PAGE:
CSPX has tripled since January 2011, while the S&P 500 has increased by less than 150%. Does that mean CSPX is not hedged against currency volatility? I assume the difference in performance is because EUR is so cheap compared to USD?

Valuethinker
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Joined: Fri May 11, 2007 11:07 am

Re: New to investing [Greece]

Post by Valuethinker » Thu Apr 18, 2019 8:18 am

PraefectusDelegatus wrote:
Thu Apr 18, 2019 8:14 am
CSPX has tripled since January 2011, while the S&P 500 has increased by less than 150%. Does that mean CSPX is not hedged against currency volatility? I assume the difference in performance is because EUR is so cheap compared to USD?
I don't know the tickers or what funds they mean. Generally, here, that's a problem with posters - for whatever reason, they just post fund tickers.

I doubt the EUR has deteriorated by 50% against the USD in that time (which it would need to on the numbers you present). Say from 1 Euro per USD to 2 Euro per USD?

If you asked me, I'd say the dollar appreciated by about 25% against the Euro in that time.

So 150% of returns becomes (1+150%)(1+25%) -1

ICH
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Re: New to investing [Greece]

Post by ICH » Thu Apr 18, 2019 9:45 am

PraefectusDelegatus wrote:
Wed Apr 17, 2019 1:14 pm
ICH wrote:
Tue Apr 09, 2019 1:42 pm
You need to grasp the concept of the different types of ETF currencies and mainly the difference between "trading currency" and the currencies of the assets that the ETF holds. There is a nice summary here: https://www.bogleheads.org/wiki/Non-US_ ... currencies.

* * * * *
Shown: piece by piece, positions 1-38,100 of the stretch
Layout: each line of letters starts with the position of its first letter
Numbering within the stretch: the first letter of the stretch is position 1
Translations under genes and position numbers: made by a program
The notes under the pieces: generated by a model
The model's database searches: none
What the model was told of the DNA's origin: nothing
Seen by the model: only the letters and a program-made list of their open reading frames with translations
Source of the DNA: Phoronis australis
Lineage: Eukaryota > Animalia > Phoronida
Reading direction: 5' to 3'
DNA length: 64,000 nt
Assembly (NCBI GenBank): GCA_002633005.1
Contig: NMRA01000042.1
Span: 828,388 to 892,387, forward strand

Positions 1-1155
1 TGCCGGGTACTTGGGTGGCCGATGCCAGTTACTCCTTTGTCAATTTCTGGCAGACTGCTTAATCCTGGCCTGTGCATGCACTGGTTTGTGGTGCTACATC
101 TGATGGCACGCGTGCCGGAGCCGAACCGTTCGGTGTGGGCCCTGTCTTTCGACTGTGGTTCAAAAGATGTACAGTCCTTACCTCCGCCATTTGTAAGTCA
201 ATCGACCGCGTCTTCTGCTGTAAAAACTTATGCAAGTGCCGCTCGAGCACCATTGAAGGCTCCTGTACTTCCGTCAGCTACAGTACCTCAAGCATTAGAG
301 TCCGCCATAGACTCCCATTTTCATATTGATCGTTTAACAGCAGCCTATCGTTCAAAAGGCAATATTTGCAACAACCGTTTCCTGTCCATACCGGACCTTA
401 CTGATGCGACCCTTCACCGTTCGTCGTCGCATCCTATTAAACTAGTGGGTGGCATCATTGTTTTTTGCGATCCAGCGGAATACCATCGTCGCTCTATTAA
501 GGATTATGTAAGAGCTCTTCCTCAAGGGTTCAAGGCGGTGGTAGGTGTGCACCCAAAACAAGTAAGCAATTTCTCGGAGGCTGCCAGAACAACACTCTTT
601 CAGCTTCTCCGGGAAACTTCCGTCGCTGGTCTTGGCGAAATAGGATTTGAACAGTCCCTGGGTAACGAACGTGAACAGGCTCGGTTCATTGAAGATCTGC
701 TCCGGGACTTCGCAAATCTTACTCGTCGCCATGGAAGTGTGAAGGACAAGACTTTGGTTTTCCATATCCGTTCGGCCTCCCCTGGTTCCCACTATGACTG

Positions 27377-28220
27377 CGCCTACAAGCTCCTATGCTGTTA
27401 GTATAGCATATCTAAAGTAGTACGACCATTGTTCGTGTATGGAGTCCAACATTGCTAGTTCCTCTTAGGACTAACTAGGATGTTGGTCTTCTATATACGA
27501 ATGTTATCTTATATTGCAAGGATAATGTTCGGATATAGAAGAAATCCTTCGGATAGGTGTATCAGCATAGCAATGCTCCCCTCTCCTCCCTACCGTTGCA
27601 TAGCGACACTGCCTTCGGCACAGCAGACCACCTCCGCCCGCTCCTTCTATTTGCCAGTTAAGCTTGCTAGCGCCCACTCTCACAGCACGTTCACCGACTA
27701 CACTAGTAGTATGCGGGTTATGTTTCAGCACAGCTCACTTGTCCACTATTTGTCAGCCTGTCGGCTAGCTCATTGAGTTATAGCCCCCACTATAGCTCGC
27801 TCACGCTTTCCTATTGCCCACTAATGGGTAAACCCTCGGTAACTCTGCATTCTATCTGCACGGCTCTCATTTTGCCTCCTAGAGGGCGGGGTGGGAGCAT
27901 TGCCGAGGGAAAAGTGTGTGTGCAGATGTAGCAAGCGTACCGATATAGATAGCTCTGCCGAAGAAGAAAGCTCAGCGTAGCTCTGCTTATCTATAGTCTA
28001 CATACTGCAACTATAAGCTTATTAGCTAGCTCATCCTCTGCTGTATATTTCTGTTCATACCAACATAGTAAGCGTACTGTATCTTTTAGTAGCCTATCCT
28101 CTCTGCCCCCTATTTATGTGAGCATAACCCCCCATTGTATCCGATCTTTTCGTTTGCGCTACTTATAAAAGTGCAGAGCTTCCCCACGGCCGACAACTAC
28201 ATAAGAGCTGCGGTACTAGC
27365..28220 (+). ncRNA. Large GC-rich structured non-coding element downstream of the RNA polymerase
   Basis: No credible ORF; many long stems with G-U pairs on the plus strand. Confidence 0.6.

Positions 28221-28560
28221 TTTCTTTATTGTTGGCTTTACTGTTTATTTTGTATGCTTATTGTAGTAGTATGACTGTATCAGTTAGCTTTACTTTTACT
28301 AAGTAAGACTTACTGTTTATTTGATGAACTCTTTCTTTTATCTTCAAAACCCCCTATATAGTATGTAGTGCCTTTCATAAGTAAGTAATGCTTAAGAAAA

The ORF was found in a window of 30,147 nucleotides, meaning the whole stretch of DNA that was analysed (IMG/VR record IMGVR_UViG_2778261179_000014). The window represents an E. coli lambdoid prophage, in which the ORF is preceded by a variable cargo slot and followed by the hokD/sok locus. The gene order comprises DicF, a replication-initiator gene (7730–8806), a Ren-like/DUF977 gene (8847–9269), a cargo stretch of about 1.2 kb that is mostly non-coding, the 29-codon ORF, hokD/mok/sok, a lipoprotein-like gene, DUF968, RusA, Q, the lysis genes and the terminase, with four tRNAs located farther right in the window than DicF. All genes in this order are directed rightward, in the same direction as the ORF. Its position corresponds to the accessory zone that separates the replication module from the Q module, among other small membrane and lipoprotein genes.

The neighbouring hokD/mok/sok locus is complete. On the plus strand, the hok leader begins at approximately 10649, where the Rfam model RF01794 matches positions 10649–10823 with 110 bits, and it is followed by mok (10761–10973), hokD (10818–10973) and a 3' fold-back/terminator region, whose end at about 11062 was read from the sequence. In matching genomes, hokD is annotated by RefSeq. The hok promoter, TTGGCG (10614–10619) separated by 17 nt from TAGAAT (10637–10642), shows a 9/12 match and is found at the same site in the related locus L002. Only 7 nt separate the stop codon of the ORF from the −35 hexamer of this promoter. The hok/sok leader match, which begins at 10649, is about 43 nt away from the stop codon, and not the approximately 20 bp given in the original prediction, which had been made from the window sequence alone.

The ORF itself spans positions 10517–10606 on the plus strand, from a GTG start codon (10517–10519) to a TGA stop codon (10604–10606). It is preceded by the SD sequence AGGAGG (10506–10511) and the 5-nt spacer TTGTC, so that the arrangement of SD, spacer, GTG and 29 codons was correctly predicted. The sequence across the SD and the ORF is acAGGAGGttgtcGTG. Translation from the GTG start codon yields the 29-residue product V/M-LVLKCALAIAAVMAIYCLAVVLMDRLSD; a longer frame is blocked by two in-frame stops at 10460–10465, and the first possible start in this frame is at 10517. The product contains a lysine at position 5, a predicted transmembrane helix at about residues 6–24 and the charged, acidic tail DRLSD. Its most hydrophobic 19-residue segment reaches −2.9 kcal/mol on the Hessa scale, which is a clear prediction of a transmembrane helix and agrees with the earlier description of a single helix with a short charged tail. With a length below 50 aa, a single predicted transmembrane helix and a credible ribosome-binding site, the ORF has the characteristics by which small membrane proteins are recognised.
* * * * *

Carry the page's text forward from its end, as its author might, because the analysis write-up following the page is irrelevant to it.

Basically, you choose the trading currency based on convenience: if you have euros -> buy in euros. If you have usd -> buy in usd.
But whether you buy it in euros or usd, the performance will be the same.
I am a beginner myself but I believe these instruments (e.g. funds that track a US index but are traded in EUR) do so via the use of swaps. This is a derivative. I haven't read any prospectus in its entirty, though. Isn't default of the swapping partner a major risk factor? At least relative to what index investors might think: "I have a claim to the physical shares in these US companies." Anyways, you are never to avoid the currency risk -- you're buying a thing that's supposedly sitting in the US, after all. Am I mistaken?

http://www.morningstar.nl/nl/etf/snapsh ... Format=PDF

The next one mentions derivatives:

http://www.morningstar.nl/nl/etf/snapsh ... Format=PDF

Are these also swaps, or does this fund actually first trade euros for dollars to then buy S&p 500 shares?
PraefectusDelegatus,

Just to understand each other, my post above was for:
1. iShares Core MSCI World UCITS ETF
2. iShares Core MSCI EM IMI UCITS ETF
The first is having stocks of developed markets, the second stocks of emerging markets. With these 2 ETFs, you basically own the global stock market. They are having any derivatives. They are simply traded in many currencies.